How quickly can you get pregnancy test results?
There are two distinct types of pregnancy tests – urine pregnancy tests and blood pregnancy tests. Each type of pregnancy test measures the pregnancy hormone, hCG. It is a glycoprotein hormone that is produced by the developing placenta soon after a fertilized egg has implanted into the uterine lining.
The first step most women take is to take a urine based home pregnancy test. They usually follow up with their doctor when they get a positive result in order to get an official confirmation. Home pregnancy tests pick up the amount of hCG present in the urine. The waiting period to see the results will depend on the test but it is normally a few minutes. Blood tests are done at a doctors’ office and normally have longer waiting periods simply because there is a laboratory involved. The waiting period will thus depend on the lab and external factors like how busy the lab is.
Pregnancy Test Sensitivity and Early Detection
The more sensitive a home pregnancy test is, the sooner after conception it can be used in order to determine if pregnancy has been achieved. Most pregnancy tests on the market today have a sensitivity of between 20 mIU and 100 mIU. A test with a low sensitivity number (20 mIU) will pick up hCG sooner and show a positive result before tests with a higher sensitivity.
How Soon Can You Test?
Doctors agree that you should wait at least until you should have started your period before you take a pregnancy test, or at least two weeks after conception. This is because many women have irregular periods. Furthermore, factors like stress, diet, and travel affect a woman’s cycle more than people realize.
Not all home pregnancy tests are created equal though; some are more sensitive than others are and therefore can be used earlier. As a rule of thumb, it also helps to know that all pregnancy tests have an accuracy of 97% – if you want to be really sure then a blood test can be done at a doctor’s office between a week to twelve days after you ovulated and then conceived.
Women who are pregnant will have about 25mlU of hCG (Human Chorionic Gonadotropin) present in her urine ten days past ovulation (dpo), 50 mIU at 12 dpo, and 100 mIU at two weeks dpo. A blood test can detect a pregnancy with hCG levels as low as 5 to 10 mIU/hCG. However, since very low levels of hCG can be present in your body without pregnancy, a level of 5 mIU can create a “false positive”.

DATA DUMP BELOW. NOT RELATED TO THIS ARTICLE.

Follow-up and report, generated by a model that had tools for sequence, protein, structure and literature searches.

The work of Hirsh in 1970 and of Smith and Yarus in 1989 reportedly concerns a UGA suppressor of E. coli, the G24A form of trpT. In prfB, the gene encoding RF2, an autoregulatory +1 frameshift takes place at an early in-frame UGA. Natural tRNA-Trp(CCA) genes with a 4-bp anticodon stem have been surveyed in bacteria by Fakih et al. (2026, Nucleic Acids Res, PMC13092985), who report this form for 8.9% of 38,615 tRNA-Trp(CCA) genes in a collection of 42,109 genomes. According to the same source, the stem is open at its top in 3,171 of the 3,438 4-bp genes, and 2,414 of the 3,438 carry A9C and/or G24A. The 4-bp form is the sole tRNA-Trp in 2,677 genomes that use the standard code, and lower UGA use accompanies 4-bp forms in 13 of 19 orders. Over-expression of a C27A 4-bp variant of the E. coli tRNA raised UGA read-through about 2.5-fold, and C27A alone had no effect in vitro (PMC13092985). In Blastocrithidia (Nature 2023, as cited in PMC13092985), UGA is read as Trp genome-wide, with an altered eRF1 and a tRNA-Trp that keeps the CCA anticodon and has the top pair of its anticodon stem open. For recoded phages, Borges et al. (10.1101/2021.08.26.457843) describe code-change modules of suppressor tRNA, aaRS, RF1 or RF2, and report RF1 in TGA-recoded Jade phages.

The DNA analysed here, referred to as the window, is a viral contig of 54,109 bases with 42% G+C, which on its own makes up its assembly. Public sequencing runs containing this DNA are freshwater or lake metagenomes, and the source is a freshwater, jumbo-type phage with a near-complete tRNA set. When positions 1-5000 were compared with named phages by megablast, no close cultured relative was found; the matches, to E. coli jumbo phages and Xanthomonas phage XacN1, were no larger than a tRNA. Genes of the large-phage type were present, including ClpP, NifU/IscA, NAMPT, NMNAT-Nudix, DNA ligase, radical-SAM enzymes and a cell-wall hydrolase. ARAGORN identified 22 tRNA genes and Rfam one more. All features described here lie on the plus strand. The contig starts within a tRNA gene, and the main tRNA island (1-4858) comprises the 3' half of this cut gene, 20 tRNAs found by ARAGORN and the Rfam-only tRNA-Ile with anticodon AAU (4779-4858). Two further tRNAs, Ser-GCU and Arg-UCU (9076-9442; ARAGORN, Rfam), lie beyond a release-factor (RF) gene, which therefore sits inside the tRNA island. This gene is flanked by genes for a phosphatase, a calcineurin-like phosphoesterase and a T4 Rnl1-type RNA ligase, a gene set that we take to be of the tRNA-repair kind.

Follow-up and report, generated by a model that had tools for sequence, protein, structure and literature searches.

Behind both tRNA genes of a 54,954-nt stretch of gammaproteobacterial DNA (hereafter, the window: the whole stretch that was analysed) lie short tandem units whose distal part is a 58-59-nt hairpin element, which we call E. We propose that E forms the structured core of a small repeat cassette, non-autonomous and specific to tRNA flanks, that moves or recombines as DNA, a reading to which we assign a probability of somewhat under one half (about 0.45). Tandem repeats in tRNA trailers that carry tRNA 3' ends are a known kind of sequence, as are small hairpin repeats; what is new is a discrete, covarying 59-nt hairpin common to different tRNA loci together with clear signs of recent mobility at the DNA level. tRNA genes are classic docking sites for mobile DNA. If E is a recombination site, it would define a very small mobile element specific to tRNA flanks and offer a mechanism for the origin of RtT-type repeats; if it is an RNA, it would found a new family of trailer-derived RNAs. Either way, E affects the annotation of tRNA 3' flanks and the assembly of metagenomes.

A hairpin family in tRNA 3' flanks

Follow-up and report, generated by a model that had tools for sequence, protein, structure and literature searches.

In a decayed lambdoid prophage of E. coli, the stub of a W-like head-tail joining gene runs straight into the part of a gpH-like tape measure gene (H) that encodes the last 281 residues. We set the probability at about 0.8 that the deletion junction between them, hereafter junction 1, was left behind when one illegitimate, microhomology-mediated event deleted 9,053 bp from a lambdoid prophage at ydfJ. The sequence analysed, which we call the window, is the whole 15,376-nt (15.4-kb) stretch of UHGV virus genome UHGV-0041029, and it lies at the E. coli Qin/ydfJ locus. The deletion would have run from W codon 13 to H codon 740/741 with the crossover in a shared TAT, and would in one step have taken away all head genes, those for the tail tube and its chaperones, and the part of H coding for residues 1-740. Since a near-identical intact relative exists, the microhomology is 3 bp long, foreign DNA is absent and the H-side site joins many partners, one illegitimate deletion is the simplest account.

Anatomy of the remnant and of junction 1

In order to get the most accurate results it is recommended that you use first morning urine, because this will contain the most concentrated amount of hCG. If you forget, try not to urinate for several hours before using a home pregnancy test, because frequent urination can reduce the concentration of hCG in your urine, which can hinder early-detection.
If a faint line, compared to the control line, is visible then the pregnancy test may show a positive and can be evidence of low amounts of hCG in your urine sample. In a pregnant woman, hCG doubles every two days. If this situation occurs, retake the pregnancy test the next day, again using your first morning urine. A second faint test line will typically confirm a positive result.
Since hCG slowly rises, it has to be at a high enough level to be properly detected by a pregnancy test. Therefore, if a test result is negative, but you honestly feel that you are pregnant, simply wait another day or two and take another test. Testing too early can create a false negative. A false positive can happen in very rare instances.